You can have a closer look at Axia and its features on the new Kontour website, which launched simultaneously with this remarkable typeface.

Florian Hardwig is a full-time typographer, part-time lecturer, and occasional type writer. With his Berlin-based studio he shapes books, websites and other publications. Florian regularly contributes to Fonts In Use and the German MyFonts.de blog.

5 Comments

  1. Hrant says:

    I’m fascinated by the fact that Axia is 100% uniwidth (i.e. any given character is the same set-width in any style). I used to be sure that’s not possible without overly compromising the very light and very dark weights… So do you think it’s working here? That would be a highly encouraging precedent.

    BTW, I don’t get the “ideal for multilingual publications” bit. Could you explain that?

  2. Imagine a Swiss publication in French, German and Italian. If you don’t want to rely on layout alone to differentiate the various languages (and can’t afford spot colors), it can be handy to use a different typeface style for each.

    Usually, an Italic is more space-saving, while a Bold runs wider. For longer texts, one can take advantage of these differences by balancing the otherwise diverging text lengths against each other (German has a higher character count than, say, Italian).

    But in art catalogues, there are often very short text bits, with content that is repeated identically or almost identically across the languages – think of image captions, credits, CVs, lists. Sometimes it would be nice if a title or name in Bold shared the exact same set width with its Regular (or Italic) equivalent in the line below (or the column next to it). This is where Axia’s special feature comes into play. I know, it’s anal.

    Axia’s Bold and Italic are serviceable not so much for classic emphasis – the Bold is rather a Semibold, and the Italic’s slope is not very pronounced. What sounds like a disadvantage can be of benefit, too: for the same reasons, these styles can be employed in their own right.

  3. Hrant says:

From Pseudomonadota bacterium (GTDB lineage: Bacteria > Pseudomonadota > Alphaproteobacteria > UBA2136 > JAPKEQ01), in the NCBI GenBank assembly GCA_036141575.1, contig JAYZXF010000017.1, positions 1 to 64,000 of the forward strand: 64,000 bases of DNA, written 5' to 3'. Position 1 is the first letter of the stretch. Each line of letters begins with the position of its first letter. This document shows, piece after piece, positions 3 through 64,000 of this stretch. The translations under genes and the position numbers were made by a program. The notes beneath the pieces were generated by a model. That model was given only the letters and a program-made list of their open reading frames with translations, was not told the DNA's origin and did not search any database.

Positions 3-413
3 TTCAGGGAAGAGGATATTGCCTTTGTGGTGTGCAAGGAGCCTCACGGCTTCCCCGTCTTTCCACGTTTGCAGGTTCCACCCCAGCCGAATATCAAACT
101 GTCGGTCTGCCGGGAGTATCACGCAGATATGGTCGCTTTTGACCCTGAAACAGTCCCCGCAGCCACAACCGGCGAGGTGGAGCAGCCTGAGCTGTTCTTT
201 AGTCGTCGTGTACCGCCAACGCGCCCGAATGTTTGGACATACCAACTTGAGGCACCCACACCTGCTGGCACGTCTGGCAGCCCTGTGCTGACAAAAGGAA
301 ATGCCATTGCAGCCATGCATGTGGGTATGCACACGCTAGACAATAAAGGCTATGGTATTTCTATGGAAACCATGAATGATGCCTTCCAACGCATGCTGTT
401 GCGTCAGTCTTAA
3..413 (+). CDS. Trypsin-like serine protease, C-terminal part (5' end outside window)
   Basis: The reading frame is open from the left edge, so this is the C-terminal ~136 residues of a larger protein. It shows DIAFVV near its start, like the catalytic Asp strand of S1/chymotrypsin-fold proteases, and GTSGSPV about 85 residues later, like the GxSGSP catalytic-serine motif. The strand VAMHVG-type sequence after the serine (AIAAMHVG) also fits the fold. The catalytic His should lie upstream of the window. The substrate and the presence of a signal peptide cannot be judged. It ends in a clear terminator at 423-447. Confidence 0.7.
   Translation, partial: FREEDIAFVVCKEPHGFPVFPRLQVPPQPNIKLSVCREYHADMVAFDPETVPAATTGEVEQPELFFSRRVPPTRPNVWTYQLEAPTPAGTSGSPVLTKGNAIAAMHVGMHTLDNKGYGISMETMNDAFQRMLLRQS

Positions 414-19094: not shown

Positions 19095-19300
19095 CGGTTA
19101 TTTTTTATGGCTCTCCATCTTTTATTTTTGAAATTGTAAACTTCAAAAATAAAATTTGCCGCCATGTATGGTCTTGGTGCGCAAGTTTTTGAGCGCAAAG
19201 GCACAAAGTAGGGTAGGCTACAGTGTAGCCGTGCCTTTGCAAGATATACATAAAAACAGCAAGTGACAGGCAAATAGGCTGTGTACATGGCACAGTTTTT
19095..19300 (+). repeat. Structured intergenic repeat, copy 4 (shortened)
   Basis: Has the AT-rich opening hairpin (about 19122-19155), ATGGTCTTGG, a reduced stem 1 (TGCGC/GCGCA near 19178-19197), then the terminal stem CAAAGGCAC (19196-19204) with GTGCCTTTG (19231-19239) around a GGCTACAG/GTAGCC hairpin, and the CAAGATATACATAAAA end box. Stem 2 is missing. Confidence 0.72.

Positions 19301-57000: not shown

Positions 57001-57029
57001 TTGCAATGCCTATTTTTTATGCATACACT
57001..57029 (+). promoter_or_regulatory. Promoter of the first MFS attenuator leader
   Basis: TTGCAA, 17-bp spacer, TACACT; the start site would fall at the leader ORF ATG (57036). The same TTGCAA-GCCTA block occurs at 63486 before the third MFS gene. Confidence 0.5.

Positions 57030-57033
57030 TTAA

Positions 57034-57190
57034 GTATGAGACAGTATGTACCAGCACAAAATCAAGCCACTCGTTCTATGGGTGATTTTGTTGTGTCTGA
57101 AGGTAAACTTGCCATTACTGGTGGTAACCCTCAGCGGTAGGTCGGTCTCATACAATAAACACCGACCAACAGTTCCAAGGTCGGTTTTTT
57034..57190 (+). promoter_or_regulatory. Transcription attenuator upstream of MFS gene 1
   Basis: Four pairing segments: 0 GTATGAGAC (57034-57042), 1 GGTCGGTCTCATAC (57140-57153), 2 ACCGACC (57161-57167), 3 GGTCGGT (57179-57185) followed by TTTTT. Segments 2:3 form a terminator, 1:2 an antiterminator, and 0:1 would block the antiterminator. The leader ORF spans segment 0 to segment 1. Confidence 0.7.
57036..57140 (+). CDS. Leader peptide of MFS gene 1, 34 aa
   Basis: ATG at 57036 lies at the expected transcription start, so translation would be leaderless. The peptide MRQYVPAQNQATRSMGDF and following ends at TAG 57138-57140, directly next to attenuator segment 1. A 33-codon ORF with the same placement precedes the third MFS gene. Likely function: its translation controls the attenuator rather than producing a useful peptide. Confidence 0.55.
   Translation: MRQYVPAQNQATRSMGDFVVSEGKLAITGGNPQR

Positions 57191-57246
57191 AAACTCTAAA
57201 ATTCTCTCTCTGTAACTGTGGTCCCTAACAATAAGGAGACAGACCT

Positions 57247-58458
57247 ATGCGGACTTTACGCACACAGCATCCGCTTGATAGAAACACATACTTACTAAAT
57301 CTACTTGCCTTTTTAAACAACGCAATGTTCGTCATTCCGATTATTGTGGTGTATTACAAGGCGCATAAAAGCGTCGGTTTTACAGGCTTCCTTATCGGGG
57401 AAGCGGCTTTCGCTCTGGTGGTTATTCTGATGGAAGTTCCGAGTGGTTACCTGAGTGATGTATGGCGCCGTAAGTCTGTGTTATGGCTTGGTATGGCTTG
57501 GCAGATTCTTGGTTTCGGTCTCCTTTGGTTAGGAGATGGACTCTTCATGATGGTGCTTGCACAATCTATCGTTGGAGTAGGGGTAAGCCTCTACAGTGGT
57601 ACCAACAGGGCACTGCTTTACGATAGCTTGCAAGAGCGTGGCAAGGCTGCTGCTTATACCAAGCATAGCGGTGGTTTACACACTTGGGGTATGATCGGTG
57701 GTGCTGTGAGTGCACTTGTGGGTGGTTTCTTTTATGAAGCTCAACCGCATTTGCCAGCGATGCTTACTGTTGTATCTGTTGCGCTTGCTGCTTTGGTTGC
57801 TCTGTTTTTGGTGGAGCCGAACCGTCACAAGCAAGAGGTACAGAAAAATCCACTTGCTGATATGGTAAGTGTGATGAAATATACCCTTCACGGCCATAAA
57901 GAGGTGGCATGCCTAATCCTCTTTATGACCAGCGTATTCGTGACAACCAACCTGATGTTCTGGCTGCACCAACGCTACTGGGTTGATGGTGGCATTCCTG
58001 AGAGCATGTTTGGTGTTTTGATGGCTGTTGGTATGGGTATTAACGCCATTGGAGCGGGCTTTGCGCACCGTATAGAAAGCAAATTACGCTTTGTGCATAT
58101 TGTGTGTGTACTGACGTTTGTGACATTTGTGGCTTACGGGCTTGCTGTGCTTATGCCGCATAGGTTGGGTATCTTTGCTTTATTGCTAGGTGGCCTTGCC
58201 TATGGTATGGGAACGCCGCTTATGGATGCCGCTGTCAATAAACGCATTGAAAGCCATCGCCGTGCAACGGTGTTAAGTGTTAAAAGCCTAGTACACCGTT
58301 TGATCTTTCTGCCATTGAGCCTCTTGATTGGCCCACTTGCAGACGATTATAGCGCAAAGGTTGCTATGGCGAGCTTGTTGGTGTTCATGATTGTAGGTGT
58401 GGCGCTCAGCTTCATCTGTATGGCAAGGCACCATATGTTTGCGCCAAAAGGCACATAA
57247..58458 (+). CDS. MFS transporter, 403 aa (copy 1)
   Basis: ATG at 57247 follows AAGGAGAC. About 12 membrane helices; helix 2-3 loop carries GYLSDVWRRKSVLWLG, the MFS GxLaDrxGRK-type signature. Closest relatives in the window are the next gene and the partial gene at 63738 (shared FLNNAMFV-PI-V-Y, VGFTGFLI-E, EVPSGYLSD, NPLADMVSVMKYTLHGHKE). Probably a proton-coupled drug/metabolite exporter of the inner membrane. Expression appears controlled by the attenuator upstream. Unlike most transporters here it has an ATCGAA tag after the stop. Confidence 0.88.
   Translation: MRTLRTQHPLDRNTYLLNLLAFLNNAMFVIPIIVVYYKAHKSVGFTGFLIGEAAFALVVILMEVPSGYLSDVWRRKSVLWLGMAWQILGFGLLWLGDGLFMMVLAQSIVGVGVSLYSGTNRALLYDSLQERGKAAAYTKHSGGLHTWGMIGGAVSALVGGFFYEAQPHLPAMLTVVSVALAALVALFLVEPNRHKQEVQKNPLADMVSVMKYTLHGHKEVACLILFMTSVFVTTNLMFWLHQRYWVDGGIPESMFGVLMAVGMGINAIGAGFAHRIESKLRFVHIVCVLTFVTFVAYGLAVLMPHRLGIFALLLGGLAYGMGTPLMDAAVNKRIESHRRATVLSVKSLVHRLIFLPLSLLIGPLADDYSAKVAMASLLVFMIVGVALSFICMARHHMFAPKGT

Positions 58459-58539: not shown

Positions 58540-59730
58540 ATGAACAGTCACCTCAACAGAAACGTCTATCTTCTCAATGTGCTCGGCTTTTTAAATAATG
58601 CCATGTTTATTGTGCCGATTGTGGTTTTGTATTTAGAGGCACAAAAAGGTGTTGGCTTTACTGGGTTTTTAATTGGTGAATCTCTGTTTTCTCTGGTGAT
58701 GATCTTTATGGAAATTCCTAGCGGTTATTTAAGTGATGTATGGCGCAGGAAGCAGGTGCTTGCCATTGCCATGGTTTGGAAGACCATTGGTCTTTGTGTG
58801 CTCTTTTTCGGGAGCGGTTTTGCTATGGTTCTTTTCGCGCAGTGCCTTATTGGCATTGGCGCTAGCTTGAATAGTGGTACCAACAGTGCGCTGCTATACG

Lightish Bold? Gently-inclined Italic? Those aren’t bugs — those are features!

  4. Love the stencils!

  5. Axia’s stencils are quite special indeed, and some of the intermittent letterforms are wonderful eyecatchers. As I hinted at in the review, I am not convinced by the arty placement of the bridges, though. While the open-bowled ‘b’ almost looks unstencilled, the ‘s’ unnecessarily is interrupted twice. The ‘g’ has four gaps where two would have sufficed. The design of the ‘f’ ligatures is again a case of dogma: Flaunting an explicitly ligated form was ruled more important than having a pleasing understated glyph. The weirdest thing is the bridgeless counter of ‘e’.

    I realize that stencily fonts hardly ever are applied as actual stencils, and thus don’t need to adhere to such technical limitations. Still, I’d prefer a Stencil that has the potential to work as such. Maybe I am too conservative here. With Puncho and the Bery series, Fred Smeijers proved that it is possible to do startling and fascinating Stencils within the traditional boundaries of the genre.

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Typographica is a review of typefaces and type books, with occasional commentary on fonts and typographic design. Edited by Stephen Coles and designed by Chris Hamamoto. Founded in 2002 by Joshua Lurie-Terrell. Relaunched in 2009 by Coles and Hamamoto.